How To Present Confidently At Work
Many people struggle with confidence at work. According to ResumeLab, 79% of women and 62% of men experience a lack of confidence in the workplace. Confidence is essential when giving a presentation, writing an email, networking, and so many other interactions at work.
Our CEO and Founder, Jessica Chen, recently hosted a Soulcast Media | LIVE event on LinkedIn, where she interviewed Kelley School of Business Lecturer, Tatiana Kolovou.
They shared tips and personal stories about how to present confidently at work.
1. Boosting Confidence
Being nervous before a presentation is very common. However, being so nervous we cannot clearly communicate our message is a situation we want to avoid. However, there are several things we can do to boost our confidence.
Consider the following:
- Practice And Preparation – During the Soulcast Media | LIVE, Tatiana said, “Hope is not a strategy.” By this, she means we can’t simply hope things will go well; we must practice and prepare. For example, if we are going to give a presentation, we first must prepare. This means researching, writing our talking points, and creating our deck. Then, we will need to practice our presentation. The more practice and preparation we do, the more confident we will be.
- Positive Self-Talk – We must feel good about ourselves and how we can contribute to the team; otherwise, it’ll cause internal friction making us appear less confident. To feel good about ourselves, we need to practice positive self-talk. For example, we can say, “I have practiced my presentation and feel fully prepared to give my presentation. I know I can give an exciting presentation. I am ready to do it!” Positive self-talk will help us mentally prepare for our presentation.
- Focus On Our Message – We may worry a lot about what the people in our audience are thinking. This can cause us to become nervous. Instead of worrying about what other people think, we need to focus on our message. Think about how much our audience needs to hear what we have to say. For example, we may be presenting our research findings which are critical to our company’s success. Shifting our focus from what people think to our message will boost our confidence.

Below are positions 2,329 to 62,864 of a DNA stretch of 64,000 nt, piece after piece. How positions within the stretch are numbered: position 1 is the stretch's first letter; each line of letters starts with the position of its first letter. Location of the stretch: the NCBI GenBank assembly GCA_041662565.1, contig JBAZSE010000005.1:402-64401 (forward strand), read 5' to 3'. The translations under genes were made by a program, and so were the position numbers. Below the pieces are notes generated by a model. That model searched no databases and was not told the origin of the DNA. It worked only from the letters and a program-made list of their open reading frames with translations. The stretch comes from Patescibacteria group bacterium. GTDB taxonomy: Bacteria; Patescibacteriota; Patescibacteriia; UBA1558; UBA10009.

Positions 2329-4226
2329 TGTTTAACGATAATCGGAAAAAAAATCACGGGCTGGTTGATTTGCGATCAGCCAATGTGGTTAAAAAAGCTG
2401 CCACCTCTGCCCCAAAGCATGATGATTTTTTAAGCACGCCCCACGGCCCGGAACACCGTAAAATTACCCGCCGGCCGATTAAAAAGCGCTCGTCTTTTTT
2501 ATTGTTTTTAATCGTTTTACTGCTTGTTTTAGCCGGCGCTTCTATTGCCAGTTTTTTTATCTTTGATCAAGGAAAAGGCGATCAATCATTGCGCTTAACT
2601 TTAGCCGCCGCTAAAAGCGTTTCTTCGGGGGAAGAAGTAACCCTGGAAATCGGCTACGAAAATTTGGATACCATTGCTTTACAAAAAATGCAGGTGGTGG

When we feel prepared and believe in ourselves, we will boost our confidence when presenting.
2. Body Language
The way we present ourselves in our body language can showcase our confidence. Even if we are nervous, if we practice confident body language, we will start to feel more confident.
Consider the following:
- Silences – During the Soulcast Media | LIVE, a question came in from the audience about what to do if we are presenting and there are silences. This generally happens when we are asking a question or leaving space for questions and answers. We can do several things to practice confident body language during silence. For example, we can scan the room slowly. Allow people to process our questions. Make eye contact and smile, letting the audience know we are confident and waiting for them to respond. We shouldn’t rush our audience into answering. We must stand firm in the silence; it will make us feel more confident.
- Posture – Our posture says a lot about us. It can make us appear confident or make us seem unsure. For example, when we enter the room to present our ideas, we must stand up straight with our shoulders back. If we present in a virtual setting, we must sit on the edge of our seats. Relax our shoulders, so they don’t creep up near our ears. Even if we are anxious, having a confident posture will trick our brains into believing we are confident.
- Eye Contact – When we are anxious, we may avoid eye contact. However, this signals to our audience that we aren’t comfortable. When presenting, we need to make eye contact with our audience. For example, we don’t want to stare people down, but we want to look at people to show we are comfortable presenting and engaging our audience.
Our body language can help us feel and appear more confident.
3. Quick Thinking
During the Soulcast Media | LIVE, Jessica, and Tatiana both agreed, being able to think quickly will help us present more confidently at work. This is because something will inevitably not go as we planned. The more comfortable we are with quick thinking, the less disoriented we will become when a mishap occurs.
Consider the following:
- Create Hacks – Creating hacks is a great way to help us think on our feet if a mishap occurs. For example, during the Soulcast Media | LIVE, Jessica shared how she puts little icons on her slides to help remind her about a story or detail she wants to talk about during her presentation. A hack like this can help us refocus if we get off track during our presentation.
- Keep Going – If a mishap occurs, such as a technical difficulty, we must keep going. For example, if we are presenting and the slides we prepared won’t show up on the screen, we must recollect ourselves and continue with our presentation. We can’t let a mishap prevent us from delivering our message.
- Prepare – Preparing for mishaps is just as important as preparing our message. For example, we need to practice our presentation without any visual aids. This way, if our visual aids aren’t usable, we can still present our message. We can think about what we would do if a light fell from the ceiling, or if our mic suddenly cut out. These are all things that could easily fluster us. However, the more prepared we are, the more confident we will be if a mishap occurs.
Quick thinking will help us be more comfortable and confident when presenting.
Confidence comes from preparation and practice. We also need to believe in ourselves, and be our own number-one fans.
Check out Jessica’s Youtube Channel if you want to see the full LIVE version of Jessica and Tatiana’s conversation.
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